Devastating news out of Los Angeles today, Adam West — the actor most famous for starring in the title role on the 1960s Batman television series — has died at the age of 88 following a battle with leukemia. First gaining attention thanks to a supporting role in the Paul Newman classic The Young Philadelphians, West became a global superstar when he donned the Caped Crusader’s cowl for three seasons of Batman that originally aired from 1966 to 1968. During this time, his sardonic and campy take on Batman won legions of fans young and old, and the world was swept up in Batmania. Despite some battles with typecasting that led to him taking roles in which challenged the public’s perception of him, West never truly left Batmman behind thanks to the convention circuit and a string of voiceover roles as the character (most recently last year’s excellent Batman: Return of the Caped Crusaders). West’s later years also saw him having some good-natured fun at his own expense, whether it be in Conan O’Brien’s failed pilot Lookwell, or on The Simpsons and Family Guy (where he played the town’s mayor).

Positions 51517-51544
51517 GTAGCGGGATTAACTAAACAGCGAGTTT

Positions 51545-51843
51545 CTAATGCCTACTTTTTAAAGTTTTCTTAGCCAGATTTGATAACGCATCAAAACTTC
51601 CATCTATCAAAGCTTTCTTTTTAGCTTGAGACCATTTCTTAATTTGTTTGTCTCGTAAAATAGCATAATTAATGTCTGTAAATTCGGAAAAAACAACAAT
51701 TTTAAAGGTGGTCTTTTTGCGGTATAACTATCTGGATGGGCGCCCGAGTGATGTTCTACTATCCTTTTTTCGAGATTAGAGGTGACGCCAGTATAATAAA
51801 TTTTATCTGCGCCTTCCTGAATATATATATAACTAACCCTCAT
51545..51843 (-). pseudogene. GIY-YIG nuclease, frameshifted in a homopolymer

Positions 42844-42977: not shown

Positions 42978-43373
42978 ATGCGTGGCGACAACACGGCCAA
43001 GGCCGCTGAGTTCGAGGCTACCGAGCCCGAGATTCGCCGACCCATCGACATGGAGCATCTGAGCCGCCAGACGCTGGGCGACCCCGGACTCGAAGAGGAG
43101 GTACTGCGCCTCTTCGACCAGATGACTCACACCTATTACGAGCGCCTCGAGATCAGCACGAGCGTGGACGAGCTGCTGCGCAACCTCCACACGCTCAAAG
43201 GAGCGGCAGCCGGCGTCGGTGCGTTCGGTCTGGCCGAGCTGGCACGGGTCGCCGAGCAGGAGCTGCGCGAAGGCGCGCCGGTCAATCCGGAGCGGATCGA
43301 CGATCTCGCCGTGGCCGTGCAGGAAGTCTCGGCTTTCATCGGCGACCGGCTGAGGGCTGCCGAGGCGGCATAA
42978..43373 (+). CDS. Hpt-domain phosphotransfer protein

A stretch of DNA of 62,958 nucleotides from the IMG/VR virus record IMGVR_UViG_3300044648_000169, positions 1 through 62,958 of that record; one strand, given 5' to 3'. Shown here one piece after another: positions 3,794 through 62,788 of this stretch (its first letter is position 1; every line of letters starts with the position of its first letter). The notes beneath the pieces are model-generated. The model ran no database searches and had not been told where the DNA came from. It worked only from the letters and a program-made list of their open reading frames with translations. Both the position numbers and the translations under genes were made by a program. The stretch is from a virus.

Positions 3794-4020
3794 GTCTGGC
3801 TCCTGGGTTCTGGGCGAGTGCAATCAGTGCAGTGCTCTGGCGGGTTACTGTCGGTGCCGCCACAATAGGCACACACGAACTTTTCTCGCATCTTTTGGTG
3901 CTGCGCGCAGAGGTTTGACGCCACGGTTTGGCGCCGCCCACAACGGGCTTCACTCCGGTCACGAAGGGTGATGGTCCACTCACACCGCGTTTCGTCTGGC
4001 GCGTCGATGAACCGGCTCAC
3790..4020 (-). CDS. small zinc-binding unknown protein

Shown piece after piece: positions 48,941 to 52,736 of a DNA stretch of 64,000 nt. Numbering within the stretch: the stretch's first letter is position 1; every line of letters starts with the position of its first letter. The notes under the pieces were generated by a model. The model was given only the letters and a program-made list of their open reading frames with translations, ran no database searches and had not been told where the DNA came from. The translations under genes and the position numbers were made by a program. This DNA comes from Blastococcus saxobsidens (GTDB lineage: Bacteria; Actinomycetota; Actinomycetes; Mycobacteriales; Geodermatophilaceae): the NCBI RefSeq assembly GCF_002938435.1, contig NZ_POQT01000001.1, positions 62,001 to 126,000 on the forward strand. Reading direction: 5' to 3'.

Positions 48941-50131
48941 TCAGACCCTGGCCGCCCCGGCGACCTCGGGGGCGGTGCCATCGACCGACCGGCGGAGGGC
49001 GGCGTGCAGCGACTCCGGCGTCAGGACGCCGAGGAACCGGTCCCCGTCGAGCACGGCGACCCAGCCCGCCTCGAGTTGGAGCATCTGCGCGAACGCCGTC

Given how prevalent comic book culture is these days, it’s easy to overlook that this wasn’t always the case. Adam West helped bring comic books into mainstream pop culture — even if later Batman-related projects railed against the comedic portrayal of the character that he defined. It’s somewhat fitting that the last years of West’s life saw the 1966 Batman series experience a new wave of appreciation and critical re-evaluation thanks to its long-awaited debut on home video. It seems that West’s Batman had the last laugh after all, and somehow that feels right.
There are some actors who inadvertently become icons, West was one of the figures. But it was a role that he relished, and he has had countless interactions with fans from several generations — all of whom looked up to him as a hero both in and out of the cape. Perhaps that is his greatest legacy.
We encourage you to share your memories of West and the Batman series below as we all attempt to process this incredible loss to pop culture.